Billabong Sanctuary entrance

This was another place Sarah, Jenny and I visited in 1986. The highlight was being chased by an emu known as Gonzo. At the time, I thought it was because he thought I had some tasty emu treats in my camera bag. When the photos came back from the film processor, I realised what was going on. In profile, me and my bulky bag were a very similar shape to an emu. I think Gonzo just fancied me.

Billabong crocodile

Brandon is a nice up-and-coming little place: they even sell videos, now, in one shop.

We stopped in Ayr for breakfast and I was disappointed not to find the Ayrdresser. I thought the speed cameras might be labelled Ayr Traffic Control but the closest we got to that was the sign showing the end of the Ayr Traffic Zone.

Bowen was bypassed so if there were any archery shops selling Bowen arrows, we’ll never know.

As suggested by Alison whom we would meet later, we made a detour to Cape Gloucester. We walked on Hideaway Bay beach which had a much steeper camber than any of the beaches we’ve seen for ages.

Hideaway Bay

The sand was coarser too and there were rocks and coral and many seashells. An interesting beach, yes, but not proper seaside.

Selfie of the day

I have no idea how that Egyptian pyramid got into the picture. Liesel reckons it’s a small island to the south of Gloucester Island, and she’s usually right.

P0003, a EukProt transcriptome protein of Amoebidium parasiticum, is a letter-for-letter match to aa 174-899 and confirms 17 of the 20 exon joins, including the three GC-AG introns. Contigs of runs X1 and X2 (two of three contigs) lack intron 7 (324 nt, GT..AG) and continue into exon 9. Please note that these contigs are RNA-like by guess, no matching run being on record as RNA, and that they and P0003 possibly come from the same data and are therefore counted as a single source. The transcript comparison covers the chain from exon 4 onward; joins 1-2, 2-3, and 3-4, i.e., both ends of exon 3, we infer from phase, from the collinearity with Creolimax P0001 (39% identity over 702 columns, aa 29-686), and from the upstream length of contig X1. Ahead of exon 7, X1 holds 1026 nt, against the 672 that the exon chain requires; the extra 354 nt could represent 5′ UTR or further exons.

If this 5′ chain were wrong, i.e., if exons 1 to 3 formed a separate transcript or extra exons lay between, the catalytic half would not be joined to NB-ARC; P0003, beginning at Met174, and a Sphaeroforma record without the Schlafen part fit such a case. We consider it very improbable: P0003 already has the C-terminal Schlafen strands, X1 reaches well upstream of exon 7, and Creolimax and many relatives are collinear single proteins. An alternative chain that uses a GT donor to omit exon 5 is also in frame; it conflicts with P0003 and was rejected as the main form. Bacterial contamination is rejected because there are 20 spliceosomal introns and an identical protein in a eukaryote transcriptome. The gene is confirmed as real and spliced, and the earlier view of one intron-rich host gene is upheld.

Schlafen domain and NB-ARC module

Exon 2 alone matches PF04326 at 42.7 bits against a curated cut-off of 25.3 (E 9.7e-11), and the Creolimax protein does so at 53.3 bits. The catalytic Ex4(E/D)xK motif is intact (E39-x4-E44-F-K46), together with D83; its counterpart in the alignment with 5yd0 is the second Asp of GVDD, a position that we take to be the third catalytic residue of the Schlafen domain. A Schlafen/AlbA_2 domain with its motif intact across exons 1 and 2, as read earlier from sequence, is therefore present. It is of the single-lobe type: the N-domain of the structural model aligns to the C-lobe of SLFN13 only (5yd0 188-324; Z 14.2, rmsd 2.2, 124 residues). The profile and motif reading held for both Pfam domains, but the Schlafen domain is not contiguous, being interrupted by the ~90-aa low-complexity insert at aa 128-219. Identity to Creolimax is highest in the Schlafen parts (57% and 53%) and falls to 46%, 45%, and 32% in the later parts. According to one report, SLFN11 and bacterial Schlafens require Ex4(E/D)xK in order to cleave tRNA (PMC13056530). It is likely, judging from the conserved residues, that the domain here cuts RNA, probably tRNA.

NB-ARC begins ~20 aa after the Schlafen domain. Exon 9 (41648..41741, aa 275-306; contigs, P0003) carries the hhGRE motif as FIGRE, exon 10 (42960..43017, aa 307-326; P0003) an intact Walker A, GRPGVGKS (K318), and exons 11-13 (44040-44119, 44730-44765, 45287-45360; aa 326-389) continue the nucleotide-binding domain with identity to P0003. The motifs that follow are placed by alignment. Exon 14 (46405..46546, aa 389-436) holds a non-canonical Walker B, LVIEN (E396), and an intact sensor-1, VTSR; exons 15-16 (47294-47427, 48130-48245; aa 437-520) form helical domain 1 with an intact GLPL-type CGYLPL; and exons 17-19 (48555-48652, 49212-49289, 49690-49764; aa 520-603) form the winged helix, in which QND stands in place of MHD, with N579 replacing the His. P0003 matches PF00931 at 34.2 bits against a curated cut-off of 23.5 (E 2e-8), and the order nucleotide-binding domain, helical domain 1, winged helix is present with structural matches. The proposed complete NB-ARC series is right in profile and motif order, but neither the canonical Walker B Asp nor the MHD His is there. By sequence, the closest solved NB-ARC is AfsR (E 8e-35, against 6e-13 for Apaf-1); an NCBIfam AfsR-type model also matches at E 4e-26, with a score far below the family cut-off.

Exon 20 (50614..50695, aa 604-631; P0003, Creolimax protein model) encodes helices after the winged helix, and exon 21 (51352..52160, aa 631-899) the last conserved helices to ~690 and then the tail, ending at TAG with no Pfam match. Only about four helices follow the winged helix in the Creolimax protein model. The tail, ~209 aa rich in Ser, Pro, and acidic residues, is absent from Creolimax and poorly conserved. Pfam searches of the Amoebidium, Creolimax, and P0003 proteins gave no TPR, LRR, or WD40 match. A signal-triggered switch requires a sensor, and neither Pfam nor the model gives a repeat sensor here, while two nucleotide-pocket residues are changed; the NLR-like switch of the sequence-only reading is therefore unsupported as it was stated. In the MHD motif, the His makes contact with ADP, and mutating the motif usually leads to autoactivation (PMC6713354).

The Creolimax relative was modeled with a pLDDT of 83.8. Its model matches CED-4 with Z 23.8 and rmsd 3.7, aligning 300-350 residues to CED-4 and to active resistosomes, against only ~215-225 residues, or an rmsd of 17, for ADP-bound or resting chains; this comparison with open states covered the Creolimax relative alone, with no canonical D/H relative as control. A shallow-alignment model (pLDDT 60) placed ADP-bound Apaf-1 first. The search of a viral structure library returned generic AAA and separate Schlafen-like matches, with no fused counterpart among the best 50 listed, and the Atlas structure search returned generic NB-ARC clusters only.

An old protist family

Shark, brown bread
Coral, tree

Airlie Beach greeted us and we looked at the lagoon, visited the booking office and ate at the Hog’s Breath Café, or Hog’s, Australia’s Steakhouse.

The Lagoon, Airlie Beach

Our new Airbnb is up the hill and boasts views of the town, the sea and the mountains, depending on which window you look through. We met Alison and Trevor but their dining companions vamoosed as soon as we showed up: no offence taken.

Here’s the next (and possibly final) episode in the ongoing in-car entertainment saga. It’s not for everyone, so if you want to stop reading the post at this point, no offence taken.

The car we hired in Cairns doesn’t like to play music from my phone, so we’ve been playing the songs through our little portable speaker. Normally we think its acoustics are ok, but with all the background noise in a car, it’s really hard to tell.

The main problem is still that different CDs and other music sources provide music at vastly differing sound volumes. I hope we can find a way to fix this at some point.

Imagine you were having a dinner party and you could only invite people from songs on my phone with titles beginning with the definite article. Who might turn up? A strange collection of folk, that’s for sure. Hundreds of ’em!

  • The Artisan
  • The Charmer
  • The Colliers
  • The Courier
  • The Hurlers
  • The Ranger
  • The Saddest Crowd
  • The Sender
  • The Wanderer
  • The Emperor’s Wife
  • The Impossible Girl
  • The Speeder
  • The Fool on the Hill
  • The Lovely Linda
  • The Lovers that Never Were
  • The Man
  • The Other Me
  • The Real Me
  • The Bewlay Brothers
  • The Laughing Gnome
  • The Supermen
  • The Man Who Sold the World